Bush, a political late bloomer who made a mark in his college days at frat parties, has said that a conversation with the Rev Billy Graham when he was 39 set him on the path to embracing Jesus Christ. It saved him from a growing problem with alcoholism. "I was humbled to learn that God sent His Son to die for a sinner like me," Bush later recalled. Since becoming president, he has been proud of his faith but more private about his Christian beliefs. The White House is acutely aware that as the US pursues policies intended to transform nations in the cradle of Islamic civilisation, it cannot afford to be seen to have an ecumenical commander-in-chief.

    Bush has come, instead, to frame his world vision in almost Manichaean terms, carving the world into a duelling conflict between the realm of God and the realm of Satan - those who are "with us" and those who are with the "evil-doers".

    Bush's moral clarity unnerves people in Europe, an essentially post-religious continent which views as suspect or distasteful people who treat the political podium as a pulpit. Just 20 per cent of Europeans say they attend weekly religious services, while nearly 50 per cent of Americans claim they do. It is a faith gap that has quietly begun to aggravate the US-European relationship and appears to be sending the New and Old Worlds on starkly different paths.

    To the increasingly secular societies of Europe, Bush's firm belief in Christ unsettles humanist non-believers who suspect that unparalleled military might and a born-again Christian's moral conviction make for a gung-ho superpower, over-confident both in the justice of its course and the promise of a righteous victory.

    There are many people in the US, too - and not just the entrenched campaigners for separation of church and state - who are unsettled by public professions of faith from the White House. George Hunsinger, a Presbyterian minister who teaches at the Princeton Theological Seminary, is alarmed at the prospects of a war with Iraq framed as a battle of good and evil. "We have a president who is about to plunge the world into chaos by starting an unjustifiable war and he does that in part by wrapping himself in the mantle of religion," says Prof Hunsinger.

    But, in US electoral terms, there is a far more significant constituency inspired by the devotion of the president. As a born-again Christian, Bush is part of a large, growing and politically crucial segment of American society. Evangelical Protestant communities are mushrooming across the US, while more staid Episcopalian, Lutheran and Methodist churches are struggling to keep congregants in their pews. A survey by the Hartford Seminary in Connecticut last year showed that 58 per cent of new congregations created in the 1990s were evangelical protestant communities.

    Bush, in that sense, is part of what some religious scholars have called a Fourth Great Awakening, similar to the religious revivals in the 1740s, the early 19th century and the 1880s. It has clear political repercussions. For Americans largely vote as they pray. Bush scooped 82 per cent of the conservative Christian vote in the 2000 elections. When Saxby Chambliss shocked the Democrat establishment in the South in November by taking the Georgia Senate seat for the Republicans, he owed a debt of thanks to charismatic Christian communities - 74 per cent of conservative Christians voted for the Republican candidate in Georgia. When asked how big is the role of Christian communities in politics, Karl Rove, the president's chief political adviser, says: "Not big enough."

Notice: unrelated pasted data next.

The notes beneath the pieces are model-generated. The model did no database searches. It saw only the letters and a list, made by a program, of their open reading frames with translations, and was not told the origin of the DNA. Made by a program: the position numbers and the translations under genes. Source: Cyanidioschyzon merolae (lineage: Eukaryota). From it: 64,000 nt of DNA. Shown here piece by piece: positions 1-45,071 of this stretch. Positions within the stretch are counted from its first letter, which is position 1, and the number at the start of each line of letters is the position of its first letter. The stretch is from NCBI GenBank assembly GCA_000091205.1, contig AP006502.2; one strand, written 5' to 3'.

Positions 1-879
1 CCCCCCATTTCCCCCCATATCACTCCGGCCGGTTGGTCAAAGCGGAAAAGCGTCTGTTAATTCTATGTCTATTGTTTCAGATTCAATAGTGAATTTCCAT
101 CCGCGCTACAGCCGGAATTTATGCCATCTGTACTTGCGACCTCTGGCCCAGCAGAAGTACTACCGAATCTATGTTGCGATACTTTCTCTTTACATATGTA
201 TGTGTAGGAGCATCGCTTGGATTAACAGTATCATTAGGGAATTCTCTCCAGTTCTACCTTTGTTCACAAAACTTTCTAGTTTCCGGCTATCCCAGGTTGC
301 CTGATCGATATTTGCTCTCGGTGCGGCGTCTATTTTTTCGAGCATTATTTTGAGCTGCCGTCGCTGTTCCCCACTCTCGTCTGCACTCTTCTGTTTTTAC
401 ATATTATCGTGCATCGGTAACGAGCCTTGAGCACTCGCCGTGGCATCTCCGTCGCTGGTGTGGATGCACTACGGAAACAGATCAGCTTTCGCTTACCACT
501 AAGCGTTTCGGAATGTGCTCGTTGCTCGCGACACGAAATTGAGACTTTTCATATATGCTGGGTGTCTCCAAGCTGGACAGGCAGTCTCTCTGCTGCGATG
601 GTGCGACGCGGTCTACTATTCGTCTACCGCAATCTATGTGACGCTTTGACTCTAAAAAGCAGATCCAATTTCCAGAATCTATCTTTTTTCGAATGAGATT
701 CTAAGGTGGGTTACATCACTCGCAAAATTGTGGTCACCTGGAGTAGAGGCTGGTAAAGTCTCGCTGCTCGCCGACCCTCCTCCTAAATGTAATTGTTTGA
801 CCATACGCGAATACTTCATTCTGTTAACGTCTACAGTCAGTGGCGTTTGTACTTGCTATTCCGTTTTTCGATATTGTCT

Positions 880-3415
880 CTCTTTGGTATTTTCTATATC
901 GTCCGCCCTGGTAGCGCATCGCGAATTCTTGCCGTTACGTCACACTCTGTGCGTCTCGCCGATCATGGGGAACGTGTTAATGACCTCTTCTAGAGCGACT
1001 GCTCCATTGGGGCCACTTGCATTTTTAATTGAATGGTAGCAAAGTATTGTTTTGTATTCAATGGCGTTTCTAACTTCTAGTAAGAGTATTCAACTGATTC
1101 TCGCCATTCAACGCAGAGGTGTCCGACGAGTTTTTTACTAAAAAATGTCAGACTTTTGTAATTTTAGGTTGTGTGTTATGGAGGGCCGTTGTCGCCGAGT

According to his calculation, there are just over 19m evangelical and highly observant Christians in the US, but nearly 4.5m of them did not vote in 2000. Given that four-fifths of them might be expected to support Bush in 2004, Rove would like to see more devout Christians engaged by the US political system.

    One of the things Rove does, backed up by Tim Goeglein, the White House official responsible for Christian outreach, is to remind Christian voters that the president shares their values: "His faith does affect his outlook a lot," says Rove, whose personal outreach to the communities of conservative Christians says much about the Bush White House: Rove, the all-seeing White House political operator, is probably Bush's most influential adviser when it comes to setting the priorities of his presidency.

    The State Department declined to discuss the impact of a devoutly Christian president on the making of US foreign policy. A spokesman said the president's faith was a personal matter and that policy was made in the national interest. But, in recent weeks, the Bush administration has begun to press the case for abstinence to be adopted as a United Nations policy to control population growth. Bush administration policy on Israel is also seen, albeit by a minority in an overwhelmingly pragmatic White House, through a Christian lens.

    Just before Christmas, Donald Rumsfeld, the defence secretary who is one of the most persuasive characters around Bush's cabinet table, called together a small group of religious leaders to the Pentagon. According to one of their number, Chuck Colson, a former Nixon aide who discovered Christianity in the midst of the Watergate scandal, Rumsfeld wanted to discuss the case against Iraq and, in religious and philosophical terms, the notion of a just war. As Washington dispatches more troops to the Gulf in preparation for an ever more likely assault against Iraq, a muscular president is poised to demonstrate his country's might. Behind the force, there is faith